It's a scary time to be a private equity investor, with the market near its peak, high prices and expected lower returns, said speakers at this year's Pension Bridge Private Equity Exclusive conference.
Private equity might not be at its cyclical peak, "but it's at a pretty high point," Steven Kaplan told the crowd attending the conference in Chicago, July 24-25. Mr. Kaplan is the Neubauer Family Professor of Entrepreneurship and Finance at the University of Chicago Booth School of Business.
The closer the private market is to the high side of the cycle, the less likely private equity funds will beat the stock market, he said; and private equity is closing in on the high side of its cycle. "I would be staying awake at night," he said.
And there's a lot of money invested in private equity, Mr. Kaplan noted. Between 1997 and 2005, private equity mostly outperformed the S&P 500, with the exception of the 2006-'08 period when performance was similar, according to the Kaplan-Schoar private market equivalent, which measures private equity performance compared to the S&P 500. Since 2009, private equity has earned better returns than the S&P 500.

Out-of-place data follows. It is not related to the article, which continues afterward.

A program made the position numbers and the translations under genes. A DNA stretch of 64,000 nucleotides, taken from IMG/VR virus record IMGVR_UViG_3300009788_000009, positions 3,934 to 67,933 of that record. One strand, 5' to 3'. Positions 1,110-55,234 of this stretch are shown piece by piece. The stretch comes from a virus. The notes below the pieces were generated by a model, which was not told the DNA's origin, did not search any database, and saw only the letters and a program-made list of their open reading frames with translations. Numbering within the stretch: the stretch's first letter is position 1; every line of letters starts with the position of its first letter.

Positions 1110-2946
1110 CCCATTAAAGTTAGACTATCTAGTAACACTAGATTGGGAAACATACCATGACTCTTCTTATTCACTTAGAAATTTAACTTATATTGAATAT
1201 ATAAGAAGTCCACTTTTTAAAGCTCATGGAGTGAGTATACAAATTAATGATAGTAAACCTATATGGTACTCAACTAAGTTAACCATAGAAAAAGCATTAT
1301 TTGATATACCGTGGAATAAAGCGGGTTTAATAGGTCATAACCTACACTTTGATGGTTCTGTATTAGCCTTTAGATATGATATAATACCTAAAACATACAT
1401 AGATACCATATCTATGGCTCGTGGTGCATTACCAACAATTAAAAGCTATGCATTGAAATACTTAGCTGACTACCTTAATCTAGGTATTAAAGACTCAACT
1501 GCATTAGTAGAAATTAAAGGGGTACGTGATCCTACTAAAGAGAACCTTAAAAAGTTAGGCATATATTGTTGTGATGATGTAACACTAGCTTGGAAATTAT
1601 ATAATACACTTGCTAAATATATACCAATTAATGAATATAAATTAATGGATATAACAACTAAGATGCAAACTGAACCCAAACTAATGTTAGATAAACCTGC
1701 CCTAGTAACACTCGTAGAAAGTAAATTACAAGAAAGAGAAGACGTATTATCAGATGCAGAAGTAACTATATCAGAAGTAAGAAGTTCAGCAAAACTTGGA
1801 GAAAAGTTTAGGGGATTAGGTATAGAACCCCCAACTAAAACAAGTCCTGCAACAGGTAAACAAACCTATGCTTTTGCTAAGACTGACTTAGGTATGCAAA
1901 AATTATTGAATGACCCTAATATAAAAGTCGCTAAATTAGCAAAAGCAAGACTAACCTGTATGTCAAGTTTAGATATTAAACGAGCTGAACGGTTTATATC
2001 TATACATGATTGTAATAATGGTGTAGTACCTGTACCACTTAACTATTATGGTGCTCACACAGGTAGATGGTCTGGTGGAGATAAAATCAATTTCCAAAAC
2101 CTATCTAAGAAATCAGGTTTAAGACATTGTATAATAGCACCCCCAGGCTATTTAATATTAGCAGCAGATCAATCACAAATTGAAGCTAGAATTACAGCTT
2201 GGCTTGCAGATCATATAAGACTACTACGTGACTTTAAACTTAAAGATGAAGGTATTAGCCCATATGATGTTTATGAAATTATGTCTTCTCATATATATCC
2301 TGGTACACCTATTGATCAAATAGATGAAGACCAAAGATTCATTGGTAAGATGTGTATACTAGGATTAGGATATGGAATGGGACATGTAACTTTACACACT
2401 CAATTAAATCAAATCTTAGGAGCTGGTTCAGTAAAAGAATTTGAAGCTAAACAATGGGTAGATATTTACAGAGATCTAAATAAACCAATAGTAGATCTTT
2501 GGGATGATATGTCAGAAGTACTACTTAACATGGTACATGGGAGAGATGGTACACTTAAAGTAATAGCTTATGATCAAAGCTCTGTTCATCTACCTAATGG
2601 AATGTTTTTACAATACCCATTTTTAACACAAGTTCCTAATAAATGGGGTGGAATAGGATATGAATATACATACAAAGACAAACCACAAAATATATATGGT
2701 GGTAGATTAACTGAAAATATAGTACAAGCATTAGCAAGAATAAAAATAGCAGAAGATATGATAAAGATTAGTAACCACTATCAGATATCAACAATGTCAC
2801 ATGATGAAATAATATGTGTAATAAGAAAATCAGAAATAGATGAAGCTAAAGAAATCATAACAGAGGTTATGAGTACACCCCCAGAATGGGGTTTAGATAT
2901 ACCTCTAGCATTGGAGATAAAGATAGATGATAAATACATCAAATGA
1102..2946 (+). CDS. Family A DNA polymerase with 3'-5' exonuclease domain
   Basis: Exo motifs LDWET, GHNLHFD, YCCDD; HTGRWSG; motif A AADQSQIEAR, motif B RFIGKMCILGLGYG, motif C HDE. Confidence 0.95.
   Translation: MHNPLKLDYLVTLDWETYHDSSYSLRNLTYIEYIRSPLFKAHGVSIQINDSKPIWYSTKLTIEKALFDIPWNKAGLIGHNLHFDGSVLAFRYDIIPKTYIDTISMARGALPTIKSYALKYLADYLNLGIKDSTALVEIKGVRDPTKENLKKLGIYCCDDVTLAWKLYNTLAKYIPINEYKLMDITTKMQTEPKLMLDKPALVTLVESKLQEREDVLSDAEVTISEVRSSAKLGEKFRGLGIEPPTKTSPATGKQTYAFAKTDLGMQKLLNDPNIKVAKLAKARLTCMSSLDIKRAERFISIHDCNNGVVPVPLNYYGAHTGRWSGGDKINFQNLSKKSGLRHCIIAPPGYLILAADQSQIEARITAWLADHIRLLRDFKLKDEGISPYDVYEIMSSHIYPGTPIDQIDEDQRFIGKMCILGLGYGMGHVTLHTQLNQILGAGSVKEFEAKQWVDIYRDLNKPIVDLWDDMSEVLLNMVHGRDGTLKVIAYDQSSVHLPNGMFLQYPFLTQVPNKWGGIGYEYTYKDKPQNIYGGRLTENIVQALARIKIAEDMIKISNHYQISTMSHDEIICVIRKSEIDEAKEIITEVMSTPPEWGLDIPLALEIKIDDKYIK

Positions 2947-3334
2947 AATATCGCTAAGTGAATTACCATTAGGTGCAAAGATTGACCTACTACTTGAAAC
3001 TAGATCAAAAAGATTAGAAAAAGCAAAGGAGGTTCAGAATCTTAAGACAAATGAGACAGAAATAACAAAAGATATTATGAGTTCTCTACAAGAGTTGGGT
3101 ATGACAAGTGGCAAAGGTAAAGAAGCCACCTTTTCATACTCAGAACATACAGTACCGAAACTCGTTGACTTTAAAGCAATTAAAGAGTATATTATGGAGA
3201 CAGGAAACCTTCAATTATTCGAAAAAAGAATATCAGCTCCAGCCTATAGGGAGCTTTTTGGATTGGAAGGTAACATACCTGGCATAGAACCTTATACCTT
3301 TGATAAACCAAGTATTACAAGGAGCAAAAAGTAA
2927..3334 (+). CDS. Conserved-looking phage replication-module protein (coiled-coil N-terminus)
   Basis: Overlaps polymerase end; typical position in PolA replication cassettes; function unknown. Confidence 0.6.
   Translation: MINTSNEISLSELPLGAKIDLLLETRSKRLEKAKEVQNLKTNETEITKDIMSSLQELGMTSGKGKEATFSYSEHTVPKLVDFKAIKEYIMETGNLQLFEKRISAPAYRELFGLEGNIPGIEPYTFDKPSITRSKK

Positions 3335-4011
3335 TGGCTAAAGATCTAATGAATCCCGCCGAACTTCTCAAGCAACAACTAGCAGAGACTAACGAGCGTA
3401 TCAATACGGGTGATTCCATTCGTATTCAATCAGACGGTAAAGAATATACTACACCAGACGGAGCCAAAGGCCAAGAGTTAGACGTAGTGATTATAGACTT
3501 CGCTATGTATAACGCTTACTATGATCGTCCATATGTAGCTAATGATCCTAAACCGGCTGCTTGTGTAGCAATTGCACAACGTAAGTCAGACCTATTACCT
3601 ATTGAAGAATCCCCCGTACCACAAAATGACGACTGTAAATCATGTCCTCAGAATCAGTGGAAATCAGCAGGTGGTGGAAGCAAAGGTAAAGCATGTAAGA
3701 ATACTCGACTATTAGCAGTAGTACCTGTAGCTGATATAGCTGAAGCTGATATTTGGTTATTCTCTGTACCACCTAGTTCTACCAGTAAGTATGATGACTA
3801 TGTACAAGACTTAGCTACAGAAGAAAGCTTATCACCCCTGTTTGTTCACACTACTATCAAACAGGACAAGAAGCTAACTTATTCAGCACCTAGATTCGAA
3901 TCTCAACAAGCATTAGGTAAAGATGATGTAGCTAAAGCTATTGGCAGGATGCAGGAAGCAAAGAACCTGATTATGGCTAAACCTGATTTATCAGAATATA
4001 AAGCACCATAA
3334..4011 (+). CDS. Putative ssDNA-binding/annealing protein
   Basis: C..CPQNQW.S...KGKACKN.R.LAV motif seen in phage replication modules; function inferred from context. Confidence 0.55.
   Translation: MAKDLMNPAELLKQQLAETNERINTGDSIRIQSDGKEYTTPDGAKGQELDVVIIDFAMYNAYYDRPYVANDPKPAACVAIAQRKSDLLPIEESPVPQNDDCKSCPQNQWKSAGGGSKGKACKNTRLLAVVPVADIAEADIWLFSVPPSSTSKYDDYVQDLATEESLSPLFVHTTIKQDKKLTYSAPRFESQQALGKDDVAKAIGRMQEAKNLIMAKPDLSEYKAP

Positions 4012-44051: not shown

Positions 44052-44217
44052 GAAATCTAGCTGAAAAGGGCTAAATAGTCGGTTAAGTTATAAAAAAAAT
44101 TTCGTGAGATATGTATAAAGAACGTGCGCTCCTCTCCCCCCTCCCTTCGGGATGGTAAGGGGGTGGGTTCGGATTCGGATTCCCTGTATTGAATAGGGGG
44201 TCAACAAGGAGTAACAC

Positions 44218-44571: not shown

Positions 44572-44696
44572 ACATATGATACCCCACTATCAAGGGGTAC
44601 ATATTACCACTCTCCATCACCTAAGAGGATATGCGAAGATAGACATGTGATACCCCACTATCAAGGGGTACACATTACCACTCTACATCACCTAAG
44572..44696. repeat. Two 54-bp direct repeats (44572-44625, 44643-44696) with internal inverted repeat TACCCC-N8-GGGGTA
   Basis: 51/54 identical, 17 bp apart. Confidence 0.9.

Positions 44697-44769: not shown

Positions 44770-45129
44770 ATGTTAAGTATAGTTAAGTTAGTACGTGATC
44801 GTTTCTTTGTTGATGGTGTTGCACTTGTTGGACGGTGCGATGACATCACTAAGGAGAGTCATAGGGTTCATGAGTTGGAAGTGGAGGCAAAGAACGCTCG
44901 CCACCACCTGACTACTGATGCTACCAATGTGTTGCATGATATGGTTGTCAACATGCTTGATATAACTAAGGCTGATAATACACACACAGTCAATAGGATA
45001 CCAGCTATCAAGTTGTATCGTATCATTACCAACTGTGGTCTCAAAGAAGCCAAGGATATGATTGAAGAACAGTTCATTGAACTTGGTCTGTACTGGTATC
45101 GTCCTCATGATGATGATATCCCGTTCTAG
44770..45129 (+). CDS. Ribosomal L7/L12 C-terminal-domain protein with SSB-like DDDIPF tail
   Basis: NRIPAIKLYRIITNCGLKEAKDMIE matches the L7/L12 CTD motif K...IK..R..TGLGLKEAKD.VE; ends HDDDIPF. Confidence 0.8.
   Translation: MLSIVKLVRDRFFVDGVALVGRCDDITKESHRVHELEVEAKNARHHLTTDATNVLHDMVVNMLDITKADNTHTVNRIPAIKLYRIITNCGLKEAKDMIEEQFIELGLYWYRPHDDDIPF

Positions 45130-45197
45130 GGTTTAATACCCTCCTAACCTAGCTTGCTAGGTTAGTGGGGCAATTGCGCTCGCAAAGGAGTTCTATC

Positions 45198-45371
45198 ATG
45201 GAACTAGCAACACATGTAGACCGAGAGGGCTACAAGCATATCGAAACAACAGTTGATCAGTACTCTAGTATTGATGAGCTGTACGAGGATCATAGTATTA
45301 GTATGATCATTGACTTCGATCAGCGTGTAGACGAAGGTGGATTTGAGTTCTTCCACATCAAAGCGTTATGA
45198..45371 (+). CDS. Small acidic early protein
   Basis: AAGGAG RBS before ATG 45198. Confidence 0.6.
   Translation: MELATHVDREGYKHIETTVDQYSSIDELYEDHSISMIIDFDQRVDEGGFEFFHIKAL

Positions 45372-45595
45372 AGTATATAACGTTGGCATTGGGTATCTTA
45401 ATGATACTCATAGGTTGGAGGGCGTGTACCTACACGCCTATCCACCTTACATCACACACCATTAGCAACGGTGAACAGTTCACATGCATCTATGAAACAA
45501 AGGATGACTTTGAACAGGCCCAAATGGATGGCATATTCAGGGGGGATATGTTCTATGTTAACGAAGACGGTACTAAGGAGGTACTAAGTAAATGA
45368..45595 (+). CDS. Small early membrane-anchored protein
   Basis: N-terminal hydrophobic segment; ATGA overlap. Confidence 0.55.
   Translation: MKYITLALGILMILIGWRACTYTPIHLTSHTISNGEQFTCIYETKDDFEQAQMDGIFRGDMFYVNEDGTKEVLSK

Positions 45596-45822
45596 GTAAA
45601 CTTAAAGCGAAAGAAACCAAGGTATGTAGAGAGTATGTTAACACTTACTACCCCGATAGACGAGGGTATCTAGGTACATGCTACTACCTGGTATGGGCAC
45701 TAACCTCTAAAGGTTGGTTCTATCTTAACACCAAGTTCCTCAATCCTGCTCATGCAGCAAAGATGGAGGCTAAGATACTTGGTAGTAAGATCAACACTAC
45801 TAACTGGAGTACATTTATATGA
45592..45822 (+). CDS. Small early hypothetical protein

It's a different story when it comes to whether general partners are able to repeat their performance. Managers of top-quartile funds can have sustainable returns some of the time, Mr. Kaplan said, but not a lot of the time. Bottom-quartile managers are most likely to persistently have bottom-quartile returning funds.
What's more, except for the bottom quartile, there is not much difference in the performance of managers' current funds, when they go out to raise new funds, Mr. Kaplan said.
The new funds of firms with top-quartile prior funds will not necessarily also be top performers, Mr. Kaplan said.